On Kindle books are $9.99, $14.99. If I read a book and get one idea out of it, that’s awesome. I got one idea for $15 and this idea could potentially change my life. Even if that single idea doesn’t change my life, it’ll relate to all these other ideas I have and it’ll make me smarter because you have to think of books like calories and nutrition.

A lot of guys say, “Oh Mike you’re fluent and how do you come up with this stuff and are you going to run out of ideas?” The answer is I’m not that smart. I’m not any smarter than you guys. I’m just obsessed with reading and when you read you are taking in nutrition. I sometimes read so much that my hands shake and I drop the book, like I get exhausted. Like it’s a set of squats at the gym.

And when you do that you are taking in calories. Think of words as calories. You can take in empty calories, trashy websites, negative websites, sports websites, sites that make you angry. That’s calories right? That’s dessert. Now there’s a time and place for dessert. It isn’t like you can live off of chicken and broccoli all day. But you have to think of the words you read as the calories you consume and you treat it accordingly. “This is a dessert website. This isn’t what I want to build my brain out of. I want to build my brain out of meat and vegetables and juices and kale and salad and almonds and olive oil and macadamias and 100% cacao and I want to build it out of Modafinil and nootropics and to do that you got to get into the big books.”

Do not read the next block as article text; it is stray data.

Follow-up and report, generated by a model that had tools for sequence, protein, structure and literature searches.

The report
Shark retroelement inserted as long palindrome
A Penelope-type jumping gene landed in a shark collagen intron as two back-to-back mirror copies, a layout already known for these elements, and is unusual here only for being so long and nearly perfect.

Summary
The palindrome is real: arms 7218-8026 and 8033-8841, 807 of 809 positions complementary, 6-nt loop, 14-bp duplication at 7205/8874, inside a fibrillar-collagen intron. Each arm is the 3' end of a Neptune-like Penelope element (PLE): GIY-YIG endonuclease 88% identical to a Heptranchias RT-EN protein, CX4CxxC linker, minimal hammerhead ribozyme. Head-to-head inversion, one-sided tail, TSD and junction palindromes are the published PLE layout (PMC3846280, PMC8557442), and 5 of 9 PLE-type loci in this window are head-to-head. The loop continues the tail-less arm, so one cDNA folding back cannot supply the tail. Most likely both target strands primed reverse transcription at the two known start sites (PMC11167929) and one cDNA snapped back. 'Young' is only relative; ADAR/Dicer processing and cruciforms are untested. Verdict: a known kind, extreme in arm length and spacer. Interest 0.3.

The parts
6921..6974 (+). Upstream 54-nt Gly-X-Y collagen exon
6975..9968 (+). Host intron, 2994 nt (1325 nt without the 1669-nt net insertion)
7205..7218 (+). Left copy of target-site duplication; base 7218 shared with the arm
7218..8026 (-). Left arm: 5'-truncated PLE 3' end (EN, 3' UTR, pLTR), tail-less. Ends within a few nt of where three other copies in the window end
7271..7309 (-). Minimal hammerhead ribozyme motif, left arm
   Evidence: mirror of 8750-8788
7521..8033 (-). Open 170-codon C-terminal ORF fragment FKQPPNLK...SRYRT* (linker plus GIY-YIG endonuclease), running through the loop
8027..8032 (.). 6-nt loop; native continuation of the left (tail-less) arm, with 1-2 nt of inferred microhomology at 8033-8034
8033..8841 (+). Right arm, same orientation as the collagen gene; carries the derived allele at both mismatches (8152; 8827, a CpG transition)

And you just treat them like calories. And sometimes you’ll say, “Oh I read this book and my head hurts.” Yeah. Good! It should. It absolutely should hurt your head when you read a good book and that’s how you know you’re reading a good book. There’s no crime in putting a book aside. You read a book, you get a good idea out of it, and put it aside.

I’m looking at a bunch of books on my shelf. They are almost all on my kindle now but I’m looking at a book called “How We Decide” and it’s a book on choice theory. Thinking Strategically is another book. There’s a book called Click, I forget who wrote it, I want to say the Leaf brothers.

They wrote one of my favorite books which is called Made to Stick. So I actually read all of Click. Eulogy of Lawyers by Jacob A. Stein which is sort of a bunch of collected essays on what is it to be a lawyer. The Care and Feeding of a Lawyer by Evan Schaeffer who’s a very smart lawyer. I haven’t read all that. I skipped around on it. “This is good. This is good.”

The Magnesium Miracle, Decisive by Chip and Dan Heath. So Click wasn’t by the Heath brothers, I’m not sure. Anyway ignore that rambling.

The point is I have a bunch of books that I haven’t read all the way through. I read then and I think “OK that’s good idea.” And then I put it down. Then I’ll go pick that book up later. For example, I forgot I even had Decisive by the Heath brothers who I really really like. So I’m going to go read. I’m going to put this podcast down actually and when I’m done with this and upload it to SoundCloud.